This anchor, recovered from the seabed in  May 1959, came from the “Cintra”, one of four ships wrecked in St Ives Bay in the Great Gale of 18th November 1893. Due to the severity of the gale, the lifeboat could not be launches. Crews of two vessels were rescued by Breeches Buoy from Carbis Bay beach. Seven of Cintra’s crew of twelve drowned. The other five were rescued by Breeches Buoy from Carbis Bay beach and Carrack Gladden cliffs.

WW2 Memorial

Near the entrance to the pier is a plaque dedicated to the people of St Ives for their support and hospitality to all those Army and Royal Marine Commandos who were billeted in the town and trained in the surrounding area between 1943 – 1950.

Smeaton's Pier St Ives Cornwall WW2 Memorial

St Leonard’s Chapel

St Leonard’s Chapel is a tiny little chapel situated at the entrance to Smeaton’s Pier.

Smeaton's Pier St Ives Cornwall St Leonard's Chapel
It has been there since medieval times. It is where the fishermen used to pray before setting out to sea. Apparently, in “the olden days” a proportion of the fishermans’ catch had to be paid to the chapel friar on their safe return.

Click here to read more about St Leonard's Chapel >>

New Pier Harbour Wall

On the seaward side of Smeaton’s Pier there is New Pier harbour wall. This is a lovely place to stop and sit or even do a spot of crabbing. At high tide there is often a seal or two in the water here looking for fishermens bait! At low tide you can walk down onto Breakwater Beach. This is a lovely bit of beach for dog walking all year round (only at low tide though).

Smeaton's Pier St Ives Cornwall New Pier

This is also where you will find the boat jetty to catch boat trips when the tide is out.

Smeaton's Pier St Ives Cornwall Boat Jetty

In 2016 work was done to refurbish the seating area on Smeaton’s Pier. The old shelter, benches and railings were very tatty and almost falling down in some places. Work has now been completed and it is a really lovely, sheltered place to stop and sea gaze.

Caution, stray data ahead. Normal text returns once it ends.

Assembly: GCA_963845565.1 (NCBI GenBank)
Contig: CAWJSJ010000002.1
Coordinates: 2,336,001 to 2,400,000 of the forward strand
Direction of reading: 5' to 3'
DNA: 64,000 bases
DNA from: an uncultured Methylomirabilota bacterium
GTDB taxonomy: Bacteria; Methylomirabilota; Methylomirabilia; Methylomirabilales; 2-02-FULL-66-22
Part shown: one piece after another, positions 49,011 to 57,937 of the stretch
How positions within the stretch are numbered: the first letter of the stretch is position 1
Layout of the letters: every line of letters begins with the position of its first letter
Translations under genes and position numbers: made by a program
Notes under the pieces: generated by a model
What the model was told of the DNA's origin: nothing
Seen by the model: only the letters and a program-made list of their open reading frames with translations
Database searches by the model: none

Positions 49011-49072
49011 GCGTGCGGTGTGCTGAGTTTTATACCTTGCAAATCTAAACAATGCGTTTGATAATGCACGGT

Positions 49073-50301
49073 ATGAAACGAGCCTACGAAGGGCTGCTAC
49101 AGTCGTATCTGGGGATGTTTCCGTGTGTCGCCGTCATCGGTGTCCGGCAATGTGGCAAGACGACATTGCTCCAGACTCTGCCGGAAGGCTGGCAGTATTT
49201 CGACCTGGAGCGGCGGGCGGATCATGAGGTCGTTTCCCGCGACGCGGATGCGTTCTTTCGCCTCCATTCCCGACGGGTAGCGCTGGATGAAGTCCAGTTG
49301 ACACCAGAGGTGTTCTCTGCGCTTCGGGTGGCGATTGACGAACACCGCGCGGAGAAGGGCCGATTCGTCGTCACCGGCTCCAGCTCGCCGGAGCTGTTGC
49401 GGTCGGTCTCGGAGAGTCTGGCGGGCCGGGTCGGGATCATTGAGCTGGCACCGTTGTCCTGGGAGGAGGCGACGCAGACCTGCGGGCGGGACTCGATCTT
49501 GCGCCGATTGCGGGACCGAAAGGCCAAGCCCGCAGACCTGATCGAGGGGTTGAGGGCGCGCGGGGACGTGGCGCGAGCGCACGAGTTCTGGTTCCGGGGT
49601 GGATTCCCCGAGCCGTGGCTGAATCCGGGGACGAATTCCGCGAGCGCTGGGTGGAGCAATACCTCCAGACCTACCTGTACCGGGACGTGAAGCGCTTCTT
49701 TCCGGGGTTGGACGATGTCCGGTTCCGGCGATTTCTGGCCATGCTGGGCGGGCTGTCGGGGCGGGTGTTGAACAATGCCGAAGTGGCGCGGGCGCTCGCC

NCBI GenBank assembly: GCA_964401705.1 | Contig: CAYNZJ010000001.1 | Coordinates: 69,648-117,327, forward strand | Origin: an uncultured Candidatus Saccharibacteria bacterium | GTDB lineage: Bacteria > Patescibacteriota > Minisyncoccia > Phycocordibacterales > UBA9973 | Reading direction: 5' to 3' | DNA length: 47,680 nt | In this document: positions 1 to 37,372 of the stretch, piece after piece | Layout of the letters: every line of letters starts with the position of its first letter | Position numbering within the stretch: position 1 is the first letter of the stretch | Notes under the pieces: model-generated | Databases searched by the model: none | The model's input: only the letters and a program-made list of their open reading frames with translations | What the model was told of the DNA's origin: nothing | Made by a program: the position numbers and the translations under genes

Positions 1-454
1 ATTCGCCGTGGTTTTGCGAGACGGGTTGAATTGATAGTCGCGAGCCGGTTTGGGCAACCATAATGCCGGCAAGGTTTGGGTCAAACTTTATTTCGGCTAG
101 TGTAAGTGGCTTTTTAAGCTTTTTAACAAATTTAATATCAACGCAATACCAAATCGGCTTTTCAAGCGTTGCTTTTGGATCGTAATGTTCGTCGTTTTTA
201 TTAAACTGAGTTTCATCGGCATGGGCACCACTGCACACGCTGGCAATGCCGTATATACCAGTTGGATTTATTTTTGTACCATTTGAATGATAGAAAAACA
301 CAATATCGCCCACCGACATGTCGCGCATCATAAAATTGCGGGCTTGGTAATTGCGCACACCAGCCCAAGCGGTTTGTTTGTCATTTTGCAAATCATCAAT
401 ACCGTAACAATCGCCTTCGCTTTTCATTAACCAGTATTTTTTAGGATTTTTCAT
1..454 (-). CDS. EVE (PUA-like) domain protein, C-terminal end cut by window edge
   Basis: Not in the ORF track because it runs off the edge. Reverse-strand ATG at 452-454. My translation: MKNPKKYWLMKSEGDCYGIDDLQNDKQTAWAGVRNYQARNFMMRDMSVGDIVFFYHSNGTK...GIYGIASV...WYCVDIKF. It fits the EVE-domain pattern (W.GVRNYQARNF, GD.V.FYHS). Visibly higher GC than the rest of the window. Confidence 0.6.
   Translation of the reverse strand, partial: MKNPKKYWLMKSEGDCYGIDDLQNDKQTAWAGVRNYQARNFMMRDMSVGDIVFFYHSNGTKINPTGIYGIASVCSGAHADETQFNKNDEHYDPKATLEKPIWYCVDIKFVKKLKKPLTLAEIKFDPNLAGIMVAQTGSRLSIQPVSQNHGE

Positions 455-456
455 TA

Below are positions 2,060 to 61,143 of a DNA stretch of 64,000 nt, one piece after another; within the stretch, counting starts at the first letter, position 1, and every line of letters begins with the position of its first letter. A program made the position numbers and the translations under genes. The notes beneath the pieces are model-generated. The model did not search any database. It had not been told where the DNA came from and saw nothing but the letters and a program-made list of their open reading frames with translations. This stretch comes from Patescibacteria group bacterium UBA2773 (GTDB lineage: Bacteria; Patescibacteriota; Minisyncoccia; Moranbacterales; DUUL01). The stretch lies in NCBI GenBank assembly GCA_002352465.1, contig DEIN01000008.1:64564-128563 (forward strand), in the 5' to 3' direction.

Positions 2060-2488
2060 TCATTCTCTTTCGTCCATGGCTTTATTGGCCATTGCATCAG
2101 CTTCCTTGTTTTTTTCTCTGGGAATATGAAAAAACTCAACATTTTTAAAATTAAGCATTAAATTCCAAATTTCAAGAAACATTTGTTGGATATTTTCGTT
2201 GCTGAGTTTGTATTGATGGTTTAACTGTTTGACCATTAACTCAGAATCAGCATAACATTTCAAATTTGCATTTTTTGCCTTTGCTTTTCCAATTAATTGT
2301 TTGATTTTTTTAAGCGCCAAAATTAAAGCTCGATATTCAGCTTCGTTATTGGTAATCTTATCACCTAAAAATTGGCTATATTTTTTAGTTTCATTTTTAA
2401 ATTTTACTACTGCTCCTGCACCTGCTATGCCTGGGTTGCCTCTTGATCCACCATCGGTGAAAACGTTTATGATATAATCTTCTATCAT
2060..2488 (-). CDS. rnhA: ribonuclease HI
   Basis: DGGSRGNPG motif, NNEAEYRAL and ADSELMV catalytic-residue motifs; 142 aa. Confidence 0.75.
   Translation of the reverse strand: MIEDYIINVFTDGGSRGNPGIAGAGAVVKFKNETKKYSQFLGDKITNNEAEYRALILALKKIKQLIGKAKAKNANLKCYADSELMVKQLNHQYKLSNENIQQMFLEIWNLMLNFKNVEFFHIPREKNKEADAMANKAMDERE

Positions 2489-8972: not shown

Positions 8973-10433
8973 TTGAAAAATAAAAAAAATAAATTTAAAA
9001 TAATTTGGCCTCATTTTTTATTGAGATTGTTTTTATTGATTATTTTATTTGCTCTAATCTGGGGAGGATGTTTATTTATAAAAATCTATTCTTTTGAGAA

Smeaton's Pier St Ives Cornwall Seating
Have a good look at the benches as there are some lovely engravings on them.
Smeaton's Pier St Ives Cornwall Benches

The Leach Pottery Tiles

On the wall of the seating area is a lovely tiled mural.

In 2016 (I think I've got that right), the Leach Pottery held a community event whereby you could go along to the Leach Pottery and design your own tile. The tiles have been collated into a lovely mural that hangs on the wall here.

The border tiles were designed by members of the community.

The inner rows depict important events in the history of St Ives.

Smeaton's Pier St Ives Cornwall Leach Tile Mural

The tile timeline makes a really interesting read of the history of St Ives.

Smeaton's Pier St Ives Cornwall Leach Tile Timeline

Nearest Facilites To Smeaton’s Pier

Toilets: there are toilets on Smeaton’s Pier which are open year round.

Car Park: there is car parking right on Smeaton’s Pier. It’s a small car park but there are usually spaces in Winter (there were plenty when I went there today at 11am Wednesday 25th Jan).

Food & Drink: there is The Pier Coffee Bar just before you get to Smeaton’s Pier. It serves extremely good coffee. There are lots of other eating & drinking establishments along The Wharf and in town.

Dogs: dogs are only allowed on the pier up to the old pier. Beyond that is a working harbour and no dogs are allowed there.

Smeaton's Pier St Ives Cornwall